The world's auto manufacturers are moving on from turbulent times—without help from Europe's lagging car markets.
Recovering auto sales in the United States and continuing strength in China have helped lighten the mood at this year's Frankfurt Auto Show, where automakers have set out to wow potential customers with electric and hybrid-drive vehicles and the latest technology.
Latest sales figures show the key U.S. market on pace for 16 million in sales this year, finally reaching the 2007 level from before the financial crisis and recession.
But the only good news out of the show's home market, Europe, is that sales appear to be halting their steep decline. Executives and analysts say no significant rebound is expected this year or next.
"We're pretty confident that the slope is ending. We're not sure that the recovery is here," Renault-Nissan CEO Carlos Ghosn said about the European market, adding that he anticipated some very small growth—between 1 and 2 percent—for the next few years.
Renault and other mass market carmakers have especially struggled during Europe's decline, but Ghosn said they were buoyed by emerging markets and would continue to be.
Last year, new car registrations in the European Union were at their lowest level since 1995 at around 12 million cars, compared to 15.6 million in in 2007. The Center for Automotive Research at the University of Essen-Duisburg estimates only 11.8 milion this year, and a very slight recovery in 2014.
"In the car industry, we have two worlds, on the one hand Europe which is a catastrophe, and the rest of the world where it looks much better," said Ferdinand Dudenhoeffer, professor of automotive economics at the university.
Germany's Daimler, Volkswagen and BMW are all making money thanks to sales outside Europe and are showing off new products with swagger and glitz at their home show.
Major themes at Frankfurt include electric and hybrid autos, often in higher performance and price categories, and new small SUVs, an increasingly popular category in Europe. Another frequent topic is autonomous driving—still a long way off due to legal and technical reasons but increasingly possible by equipping cars with cameras and computers.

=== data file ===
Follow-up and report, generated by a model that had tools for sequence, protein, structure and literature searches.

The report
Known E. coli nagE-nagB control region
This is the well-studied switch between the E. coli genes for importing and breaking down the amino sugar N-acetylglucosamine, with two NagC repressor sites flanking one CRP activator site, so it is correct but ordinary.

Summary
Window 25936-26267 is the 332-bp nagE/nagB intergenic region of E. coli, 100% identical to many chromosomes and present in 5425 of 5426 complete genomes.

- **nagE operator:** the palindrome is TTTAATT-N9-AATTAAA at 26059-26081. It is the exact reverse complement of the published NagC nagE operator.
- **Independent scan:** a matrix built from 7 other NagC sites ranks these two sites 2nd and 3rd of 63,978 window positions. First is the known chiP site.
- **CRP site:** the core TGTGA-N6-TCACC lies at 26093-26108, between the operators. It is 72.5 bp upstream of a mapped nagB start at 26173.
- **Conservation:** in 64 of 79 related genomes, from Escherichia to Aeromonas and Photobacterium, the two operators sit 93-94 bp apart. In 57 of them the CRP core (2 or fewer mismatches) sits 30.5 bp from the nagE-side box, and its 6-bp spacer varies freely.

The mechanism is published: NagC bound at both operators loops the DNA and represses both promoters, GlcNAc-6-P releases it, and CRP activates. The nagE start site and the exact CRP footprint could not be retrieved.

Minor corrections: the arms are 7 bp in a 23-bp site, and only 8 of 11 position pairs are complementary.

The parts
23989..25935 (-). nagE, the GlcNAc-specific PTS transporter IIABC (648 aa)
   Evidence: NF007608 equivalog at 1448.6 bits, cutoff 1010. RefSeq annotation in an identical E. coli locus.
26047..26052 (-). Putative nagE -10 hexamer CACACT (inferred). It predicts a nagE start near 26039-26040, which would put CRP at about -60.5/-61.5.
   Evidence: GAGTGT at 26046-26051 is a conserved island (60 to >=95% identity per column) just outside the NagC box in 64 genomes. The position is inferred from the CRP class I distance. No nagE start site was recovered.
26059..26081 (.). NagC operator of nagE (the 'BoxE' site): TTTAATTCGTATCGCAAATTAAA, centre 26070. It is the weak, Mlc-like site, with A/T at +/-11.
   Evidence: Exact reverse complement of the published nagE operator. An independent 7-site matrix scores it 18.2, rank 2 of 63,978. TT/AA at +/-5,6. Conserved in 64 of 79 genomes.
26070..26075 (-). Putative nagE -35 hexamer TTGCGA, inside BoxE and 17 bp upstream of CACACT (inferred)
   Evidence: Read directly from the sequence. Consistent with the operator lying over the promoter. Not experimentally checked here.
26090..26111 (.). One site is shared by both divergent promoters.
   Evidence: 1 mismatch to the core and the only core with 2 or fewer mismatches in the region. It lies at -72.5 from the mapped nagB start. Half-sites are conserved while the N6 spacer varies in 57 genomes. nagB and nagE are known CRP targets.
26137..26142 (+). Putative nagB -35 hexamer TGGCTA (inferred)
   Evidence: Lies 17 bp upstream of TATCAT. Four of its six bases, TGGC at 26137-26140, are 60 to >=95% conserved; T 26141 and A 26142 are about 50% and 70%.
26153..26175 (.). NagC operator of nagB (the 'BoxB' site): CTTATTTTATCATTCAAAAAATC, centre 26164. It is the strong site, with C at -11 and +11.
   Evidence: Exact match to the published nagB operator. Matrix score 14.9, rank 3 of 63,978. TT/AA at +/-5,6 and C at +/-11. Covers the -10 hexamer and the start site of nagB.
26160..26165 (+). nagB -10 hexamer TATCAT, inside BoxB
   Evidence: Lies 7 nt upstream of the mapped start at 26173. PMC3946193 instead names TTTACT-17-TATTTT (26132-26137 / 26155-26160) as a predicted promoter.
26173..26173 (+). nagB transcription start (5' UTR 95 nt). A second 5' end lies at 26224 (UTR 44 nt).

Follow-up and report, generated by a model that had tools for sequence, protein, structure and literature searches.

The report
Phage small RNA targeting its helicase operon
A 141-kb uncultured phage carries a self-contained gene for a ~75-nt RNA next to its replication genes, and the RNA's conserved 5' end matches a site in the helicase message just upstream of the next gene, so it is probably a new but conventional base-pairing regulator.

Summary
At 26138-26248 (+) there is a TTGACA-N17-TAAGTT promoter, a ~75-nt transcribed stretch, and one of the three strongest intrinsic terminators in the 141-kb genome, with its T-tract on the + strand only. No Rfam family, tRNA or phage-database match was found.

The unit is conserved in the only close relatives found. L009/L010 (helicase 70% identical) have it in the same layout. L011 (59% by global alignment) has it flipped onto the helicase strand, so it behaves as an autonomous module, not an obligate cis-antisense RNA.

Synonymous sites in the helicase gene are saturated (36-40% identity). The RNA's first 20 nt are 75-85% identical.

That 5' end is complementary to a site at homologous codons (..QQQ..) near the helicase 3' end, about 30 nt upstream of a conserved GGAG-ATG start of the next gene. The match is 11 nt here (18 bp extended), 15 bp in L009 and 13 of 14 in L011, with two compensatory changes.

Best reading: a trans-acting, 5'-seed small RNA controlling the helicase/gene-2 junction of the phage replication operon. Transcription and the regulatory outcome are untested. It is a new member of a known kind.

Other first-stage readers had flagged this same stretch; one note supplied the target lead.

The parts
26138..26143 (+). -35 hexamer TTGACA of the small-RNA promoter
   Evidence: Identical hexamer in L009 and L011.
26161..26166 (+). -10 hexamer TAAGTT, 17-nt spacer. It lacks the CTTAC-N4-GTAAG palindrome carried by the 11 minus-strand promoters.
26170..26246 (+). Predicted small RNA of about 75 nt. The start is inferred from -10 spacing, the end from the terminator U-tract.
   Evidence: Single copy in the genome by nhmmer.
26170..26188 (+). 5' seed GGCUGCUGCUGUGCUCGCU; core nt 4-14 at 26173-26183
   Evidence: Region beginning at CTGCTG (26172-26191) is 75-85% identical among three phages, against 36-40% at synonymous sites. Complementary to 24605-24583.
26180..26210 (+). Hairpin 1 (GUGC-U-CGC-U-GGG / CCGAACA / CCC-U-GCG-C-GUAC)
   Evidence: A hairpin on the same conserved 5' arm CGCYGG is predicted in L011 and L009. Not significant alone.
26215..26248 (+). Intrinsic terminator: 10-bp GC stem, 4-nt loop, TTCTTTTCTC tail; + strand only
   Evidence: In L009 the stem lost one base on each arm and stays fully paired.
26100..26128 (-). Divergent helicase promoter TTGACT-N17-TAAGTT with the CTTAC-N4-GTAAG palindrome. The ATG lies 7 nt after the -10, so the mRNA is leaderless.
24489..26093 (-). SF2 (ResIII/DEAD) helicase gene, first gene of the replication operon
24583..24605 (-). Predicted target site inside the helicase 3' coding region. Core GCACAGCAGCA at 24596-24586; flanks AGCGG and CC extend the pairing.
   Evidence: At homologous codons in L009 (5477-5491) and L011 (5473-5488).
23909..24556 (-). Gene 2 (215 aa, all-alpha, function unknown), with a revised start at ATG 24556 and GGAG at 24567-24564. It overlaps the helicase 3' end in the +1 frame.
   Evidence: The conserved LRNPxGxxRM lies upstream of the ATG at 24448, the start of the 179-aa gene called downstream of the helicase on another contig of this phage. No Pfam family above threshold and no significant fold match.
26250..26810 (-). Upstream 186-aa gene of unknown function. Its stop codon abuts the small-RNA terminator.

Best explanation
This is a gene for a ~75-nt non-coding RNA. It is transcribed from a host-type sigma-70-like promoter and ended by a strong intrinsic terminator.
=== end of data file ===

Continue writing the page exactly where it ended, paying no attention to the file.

At BMW's gigantic hall, its new i3 electric compacts glided silently around an elevated figure-eight track. The chief executive of crosstown rival Daimler, Dieter Zetsche, showed off his Mercedes brand's self-drive technology by riding into another exhibit hall in the back seat of a driverless car.
The car had made an autonomous cruise through several German towns to show off the new systems. Drivers who buy the new Mercedes S-Class will find that it forces them to put their hands back on the wheel after a few seconds. The company also unveiled a hybrid version of the S-Class, the luxury sedan.
Volkswagen showed off four new cars using electric propulsion: electric versions of its Up! and Golf compacts, and an Audi A3 and Porsche Panamera using hybrid drive, which combines electric motors and internal combustion engine to reduce emissions.
One target of the show's marketing effort is western Europe's young people, many of whom have turned away from their parents' SUV's toward a mix of bicycles, car-sharing and public transport.
BMW opened the first press day Tuesday with a song shouting "we are young" and a presentation including footage of people tearing down the Berlin Wall.
With hybrids and electrics only 0.2 percent of the market, analysts say that the prospects for sales and profits remain uncertain. They can help companies meet government requirements for lower average emissions—and position them to be ready if such vehicles take off.
Zetsche of Mercedes added that the only way to perfect the technology is to actually make cars on an industrial scale and sell them.
"We don't expect that this will have any kind of explosive development," Zetsche told reporters. "But we will see a long phase of steady, slow substitution of conventional power trends by alternative ones."
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